2. The method of claim 1, wherein the form definition template complies with XML
Forms Architecture (XFA).
3. The method of claim 1, wherein the characteristics of the electronic form are entered by instructions of the designer which comprise drag and drop operations.
4. The method of any one of claims 1 to 3, wherein the electronic form comprises at least two components, the components comprising a page and a form object.
5. The method of claim 4, wherein the electronic form further comprises at least one script executable upon the occurrence of an event.
6. The method of claim 5, wherein the script is executable by a scripting engine that complies with the definition under Microsoft OLE/COM of an active scripting engine with parsing.
7. The method of claim 5, wherein the script is in a script language chosen from the group selected from Microsoft Visual Basic Scripting Edition (VBScript) and JScript.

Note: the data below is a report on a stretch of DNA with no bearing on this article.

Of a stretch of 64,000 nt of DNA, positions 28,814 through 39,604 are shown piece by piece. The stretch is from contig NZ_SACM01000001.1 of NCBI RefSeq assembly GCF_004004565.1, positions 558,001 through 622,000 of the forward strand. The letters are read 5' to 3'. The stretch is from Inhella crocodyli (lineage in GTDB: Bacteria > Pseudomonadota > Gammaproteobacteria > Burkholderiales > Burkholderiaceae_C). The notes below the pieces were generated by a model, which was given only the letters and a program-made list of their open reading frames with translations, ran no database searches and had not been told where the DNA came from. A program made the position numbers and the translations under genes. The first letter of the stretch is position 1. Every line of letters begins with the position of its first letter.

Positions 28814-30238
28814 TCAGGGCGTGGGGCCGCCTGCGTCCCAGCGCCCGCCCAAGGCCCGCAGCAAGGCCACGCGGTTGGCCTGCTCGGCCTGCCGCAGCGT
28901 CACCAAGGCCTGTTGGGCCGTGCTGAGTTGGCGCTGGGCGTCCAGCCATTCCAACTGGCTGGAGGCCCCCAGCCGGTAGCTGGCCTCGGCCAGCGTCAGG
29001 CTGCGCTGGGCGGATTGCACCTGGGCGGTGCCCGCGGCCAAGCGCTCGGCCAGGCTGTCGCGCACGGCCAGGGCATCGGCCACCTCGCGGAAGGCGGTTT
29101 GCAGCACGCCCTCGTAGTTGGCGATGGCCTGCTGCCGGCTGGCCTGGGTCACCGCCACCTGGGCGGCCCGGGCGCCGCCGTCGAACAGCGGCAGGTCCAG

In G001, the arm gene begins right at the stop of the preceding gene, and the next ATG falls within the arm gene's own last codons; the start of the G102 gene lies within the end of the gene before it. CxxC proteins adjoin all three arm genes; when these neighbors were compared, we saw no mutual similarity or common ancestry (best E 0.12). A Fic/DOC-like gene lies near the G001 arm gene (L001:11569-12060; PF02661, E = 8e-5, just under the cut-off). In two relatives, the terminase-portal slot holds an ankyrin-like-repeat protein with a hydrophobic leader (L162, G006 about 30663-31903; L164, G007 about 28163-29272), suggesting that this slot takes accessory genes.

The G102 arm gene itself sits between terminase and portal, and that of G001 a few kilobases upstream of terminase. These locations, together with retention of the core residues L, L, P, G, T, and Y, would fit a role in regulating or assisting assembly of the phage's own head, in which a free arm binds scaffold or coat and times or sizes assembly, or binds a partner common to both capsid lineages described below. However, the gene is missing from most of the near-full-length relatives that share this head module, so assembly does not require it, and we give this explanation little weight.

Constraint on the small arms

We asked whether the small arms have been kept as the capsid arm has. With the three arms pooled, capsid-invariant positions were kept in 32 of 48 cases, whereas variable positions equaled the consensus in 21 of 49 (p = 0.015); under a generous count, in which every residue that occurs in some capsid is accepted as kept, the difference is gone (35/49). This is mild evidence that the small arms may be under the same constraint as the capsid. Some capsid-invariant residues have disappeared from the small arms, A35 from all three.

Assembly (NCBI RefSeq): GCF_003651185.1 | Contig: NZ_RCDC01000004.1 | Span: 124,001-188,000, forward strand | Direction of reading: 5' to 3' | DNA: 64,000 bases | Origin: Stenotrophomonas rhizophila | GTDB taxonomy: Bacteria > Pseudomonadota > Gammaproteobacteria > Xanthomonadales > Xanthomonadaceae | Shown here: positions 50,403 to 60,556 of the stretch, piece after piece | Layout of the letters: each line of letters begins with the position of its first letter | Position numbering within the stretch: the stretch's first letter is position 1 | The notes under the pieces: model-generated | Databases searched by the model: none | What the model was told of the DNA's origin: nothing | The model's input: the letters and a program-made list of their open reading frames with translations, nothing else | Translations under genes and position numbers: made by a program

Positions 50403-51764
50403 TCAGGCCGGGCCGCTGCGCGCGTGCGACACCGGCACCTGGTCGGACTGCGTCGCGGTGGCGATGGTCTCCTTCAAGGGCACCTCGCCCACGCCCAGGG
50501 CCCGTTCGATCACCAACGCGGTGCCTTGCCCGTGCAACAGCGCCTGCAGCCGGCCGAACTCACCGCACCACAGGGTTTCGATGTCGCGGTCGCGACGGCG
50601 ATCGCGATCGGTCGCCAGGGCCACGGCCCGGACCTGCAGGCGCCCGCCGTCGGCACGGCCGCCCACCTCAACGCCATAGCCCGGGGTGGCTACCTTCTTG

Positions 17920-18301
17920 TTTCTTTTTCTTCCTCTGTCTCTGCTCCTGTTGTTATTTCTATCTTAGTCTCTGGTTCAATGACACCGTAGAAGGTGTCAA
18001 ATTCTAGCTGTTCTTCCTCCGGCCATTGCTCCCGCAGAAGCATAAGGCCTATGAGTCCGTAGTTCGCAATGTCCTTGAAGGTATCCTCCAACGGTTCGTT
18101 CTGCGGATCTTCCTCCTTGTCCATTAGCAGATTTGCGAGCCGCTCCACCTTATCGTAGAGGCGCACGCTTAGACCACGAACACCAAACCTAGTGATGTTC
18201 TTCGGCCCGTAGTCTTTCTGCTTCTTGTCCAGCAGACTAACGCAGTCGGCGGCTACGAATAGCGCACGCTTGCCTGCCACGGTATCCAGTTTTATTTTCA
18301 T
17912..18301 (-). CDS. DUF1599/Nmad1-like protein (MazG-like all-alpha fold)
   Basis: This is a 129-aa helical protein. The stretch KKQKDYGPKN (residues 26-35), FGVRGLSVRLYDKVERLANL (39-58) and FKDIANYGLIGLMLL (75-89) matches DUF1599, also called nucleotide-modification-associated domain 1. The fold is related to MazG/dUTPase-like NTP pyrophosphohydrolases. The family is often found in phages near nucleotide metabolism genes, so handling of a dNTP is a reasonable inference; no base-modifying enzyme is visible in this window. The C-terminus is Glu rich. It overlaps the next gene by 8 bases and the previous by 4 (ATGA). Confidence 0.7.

8. The method of claim 5, wherein the script is to be executed on the browser platform and the script is in JavaScript.
9. The method of claim 4, wherein the form object is one selected from the group comprising a list box, a drop down list, a command button, a radio button, a check box, a line, a circle, an image, and static text.
10. The method of claim 4, wherein the form object is a signature object for a digital signature for the information collected using the electronic form from the user.
11. The method of claim 5, wherein the script comprises an instruction selected from the group comprising performing validity checking of information entered by the user, a calculation, a database access, enforcing a business rule, and automatic formatting of the form as presented to the user.